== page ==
The pioneering Korean-born artist and composer Nam June Paik (1932–2006), who famously declared that the ‘future is now’, is considered to be the father of video art. In his early performance pieces and later in his installation and video works, he collaborated with many fellow avant-garde practitioners. On the eve of a retrospective at Tate Liverpool, the curator of his first European museum exhibition celebrates the early decades of Paik’s remarkable career
In May 1999 the American magazine ARTnews included Nam June Paik in its list of the centurys 25 most influential artists, alongside Picasso, Duchamp and Rauschenberg. He had come a long way since 1962, when he presented One for Violin Solo at the Fluxus event Neo-Dada in der Musik at the Düsseldorfer Kammerspiele and shocked his audience in the darkened space by smashing his violin on a table. How did Paik go from enfant terrible to being the first professor of video art at Düsseldorf Academy (in 1982) and a universally respected star of the museum world? How did he manage to be both anti-artist and artist in one, to be a theoretician and practitioner of our networked world at the same time as he kept his distance as an ironic humanist? From the start his aim was not only to harness technological progress in communications media as an acceptable artistic tool, but also to use his own imagination to spur on that progress and, in so doing, to break down the seemingly rock-solid barriers between the different realms of art, including the serious and the popular.
Nam June Paik (pronounced pike) studied in Japan, where he read Hegel in German and wrote a musicological thesis on Schoenberg. He often made the point that in 1957 Germany was particularly attractive to him because it was the centre of contemporary music. Still in Japan, he identified Wolfgang Fortner in Freiburg as his chosen teacher; however, it was at the Internationale Ferienkurse für Neue Musik in Darmstadt that he was to encounter John Cage and the latest interdisciplinary advances in music. From there it was but a small step to Cologne and the hub of progressive musical activity that was the studio of the painter Mary Bauermeister and her then partner Karlheinz Stockhausen, the leading composer at the electronic studios of the WDR broadcasting station. The artists and intellectuals who gathered at the studio around 1960 were united in their determination to create a brave new Gesamtkunstwerk (total artwork) combining music, artistic action and literature.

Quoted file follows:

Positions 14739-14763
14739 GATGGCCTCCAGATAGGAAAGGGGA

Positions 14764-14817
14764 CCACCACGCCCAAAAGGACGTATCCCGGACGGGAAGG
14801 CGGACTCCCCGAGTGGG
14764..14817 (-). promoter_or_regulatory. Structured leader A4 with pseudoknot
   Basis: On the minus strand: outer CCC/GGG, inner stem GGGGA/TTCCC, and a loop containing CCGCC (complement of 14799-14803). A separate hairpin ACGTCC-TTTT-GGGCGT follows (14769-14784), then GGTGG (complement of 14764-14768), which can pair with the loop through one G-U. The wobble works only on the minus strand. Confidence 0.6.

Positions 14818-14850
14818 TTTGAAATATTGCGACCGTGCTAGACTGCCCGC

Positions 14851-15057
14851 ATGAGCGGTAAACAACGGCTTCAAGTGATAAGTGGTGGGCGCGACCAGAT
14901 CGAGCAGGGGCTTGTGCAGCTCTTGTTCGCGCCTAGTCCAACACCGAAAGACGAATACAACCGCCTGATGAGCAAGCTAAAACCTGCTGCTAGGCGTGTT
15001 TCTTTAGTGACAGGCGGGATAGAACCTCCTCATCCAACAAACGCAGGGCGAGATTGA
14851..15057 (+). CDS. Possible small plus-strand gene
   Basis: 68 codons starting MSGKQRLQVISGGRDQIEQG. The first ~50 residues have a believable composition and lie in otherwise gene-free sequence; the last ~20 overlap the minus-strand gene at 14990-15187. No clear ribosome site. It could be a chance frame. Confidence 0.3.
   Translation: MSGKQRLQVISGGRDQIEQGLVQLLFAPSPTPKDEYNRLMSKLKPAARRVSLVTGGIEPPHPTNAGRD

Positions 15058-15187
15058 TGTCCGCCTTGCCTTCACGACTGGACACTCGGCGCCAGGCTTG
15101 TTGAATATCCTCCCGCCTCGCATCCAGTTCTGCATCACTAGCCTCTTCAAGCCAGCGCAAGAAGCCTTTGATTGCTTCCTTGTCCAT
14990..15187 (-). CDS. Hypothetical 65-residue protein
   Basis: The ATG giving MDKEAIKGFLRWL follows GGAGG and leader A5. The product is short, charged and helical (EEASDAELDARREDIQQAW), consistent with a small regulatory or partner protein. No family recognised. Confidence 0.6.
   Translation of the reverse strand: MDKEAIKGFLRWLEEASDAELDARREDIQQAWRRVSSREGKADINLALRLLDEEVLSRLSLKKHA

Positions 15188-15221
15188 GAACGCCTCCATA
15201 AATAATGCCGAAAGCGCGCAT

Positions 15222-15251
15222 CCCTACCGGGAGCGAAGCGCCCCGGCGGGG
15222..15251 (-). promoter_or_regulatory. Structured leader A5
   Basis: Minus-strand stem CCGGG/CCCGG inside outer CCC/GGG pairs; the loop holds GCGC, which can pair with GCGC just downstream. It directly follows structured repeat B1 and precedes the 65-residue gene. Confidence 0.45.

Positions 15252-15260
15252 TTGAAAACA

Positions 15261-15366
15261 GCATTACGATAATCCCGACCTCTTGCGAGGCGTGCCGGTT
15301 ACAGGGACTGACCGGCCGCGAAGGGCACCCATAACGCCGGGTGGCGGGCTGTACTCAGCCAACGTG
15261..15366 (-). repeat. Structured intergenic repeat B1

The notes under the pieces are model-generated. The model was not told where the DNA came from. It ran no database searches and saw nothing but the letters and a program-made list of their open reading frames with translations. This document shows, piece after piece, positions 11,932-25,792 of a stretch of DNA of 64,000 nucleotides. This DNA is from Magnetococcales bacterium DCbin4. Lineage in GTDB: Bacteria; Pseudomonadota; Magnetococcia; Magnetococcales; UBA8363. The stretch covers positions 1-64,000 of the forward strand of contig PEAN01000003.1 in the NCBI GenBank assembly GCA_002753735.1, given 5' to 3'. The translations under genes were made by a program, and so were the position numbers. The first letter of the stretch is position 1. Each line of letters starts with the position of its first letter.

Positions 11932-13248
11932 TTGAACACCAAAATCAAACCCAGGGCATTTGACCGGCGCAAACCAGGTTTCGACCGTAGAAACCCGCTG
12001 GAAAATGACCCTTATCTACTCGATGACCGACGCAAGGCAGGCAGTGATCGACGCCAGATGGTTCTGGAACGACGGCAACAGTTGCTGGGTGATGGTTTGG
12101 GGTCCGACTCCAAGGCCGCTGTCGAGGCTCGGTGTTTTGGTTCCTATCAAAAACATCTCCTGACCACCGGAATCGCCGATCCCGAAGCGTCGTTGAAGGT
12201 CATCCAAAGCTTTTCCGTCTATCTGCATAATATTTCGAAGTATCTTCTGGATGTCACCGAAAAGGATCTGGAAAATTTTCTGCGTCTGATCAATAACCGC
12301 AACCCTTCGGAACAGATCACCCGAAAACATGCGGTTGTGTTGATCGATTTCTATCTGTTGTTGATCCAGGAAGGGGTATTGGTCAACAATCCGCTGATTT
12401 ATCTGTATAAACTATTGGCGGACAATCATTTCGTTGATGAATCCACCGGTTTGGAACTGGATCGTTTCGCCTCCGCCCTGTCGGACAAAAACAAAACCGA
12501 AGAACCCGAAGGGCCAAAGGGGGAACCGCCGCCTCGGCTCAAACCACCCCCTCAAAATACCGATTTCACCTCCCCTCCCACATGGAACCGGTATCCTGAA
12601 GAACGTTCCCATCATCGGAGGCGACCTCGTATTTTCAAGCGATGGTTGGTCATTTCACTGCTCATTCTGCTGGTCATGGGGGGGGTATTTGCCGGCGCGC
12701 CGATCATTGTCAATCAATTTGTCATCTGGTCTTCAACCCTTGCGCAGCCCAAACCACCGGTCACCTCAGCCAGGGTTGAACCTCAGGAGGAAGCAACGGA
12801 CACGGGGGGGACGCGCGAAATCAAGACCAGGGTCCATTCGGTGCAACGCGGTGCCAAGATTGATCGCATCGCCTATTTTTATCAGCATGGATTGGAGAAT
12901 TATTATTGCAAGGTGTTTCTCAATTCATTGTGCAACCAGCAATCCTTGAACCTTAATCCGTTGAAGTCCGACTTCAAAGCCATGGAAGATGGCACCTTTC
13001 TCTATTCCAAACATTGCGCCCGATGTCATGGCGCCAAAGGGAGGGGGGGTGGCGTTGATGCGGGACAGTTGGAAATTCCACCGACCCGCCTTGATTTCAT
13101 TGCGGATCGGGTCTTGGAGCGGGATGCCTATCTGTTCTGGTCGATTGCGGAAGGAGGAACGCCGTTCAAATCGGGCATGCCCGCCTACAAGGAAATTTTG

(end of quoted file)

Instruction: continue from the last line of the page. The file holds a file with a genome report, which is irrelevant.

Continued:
Time and motion, sound and action, structure and shock all featured in the innovative output of these artists, who included such diverse figures as the architect Stefan Wewerka, the sculptor Christo, the Argentinean composer Mauricio Kagel, the writer Hans G. Helms, the labyr artist Arthus C. Caspari, the musician Gottfried M. Koenig, the gallerist Haro Lauhaus, the restorer Wolfgang Hahn and the publisher Ernst Brücher. Their vision of a new Gesamtkunstwerk also embraced film and electronic developments in the field of acoustics – so it seemed only logical for Paik to make the transition to visual electronic art, where he set about introducing into the realms of visual art his experience of a new electronic audio world where sounds could be endlessly manipulated.
Paik would open up a whole range of possibilities in the new medium of video art: in March 1963, in Exposition of Music – Electronic Television (a wonderful, programmatic title for an exhibition), he first used television sets, responding to input from the viewer, to create electronic paintings (Participation TV). He was the first to demonstrate publicly and verifiably all sorts of different artistic uses for the medium of television, and this marked the beginning of a career during which he, more than any other visual artist, foresaw and actively influenced the technological, philosophical and social development of the new media – television, video, computers and lasers.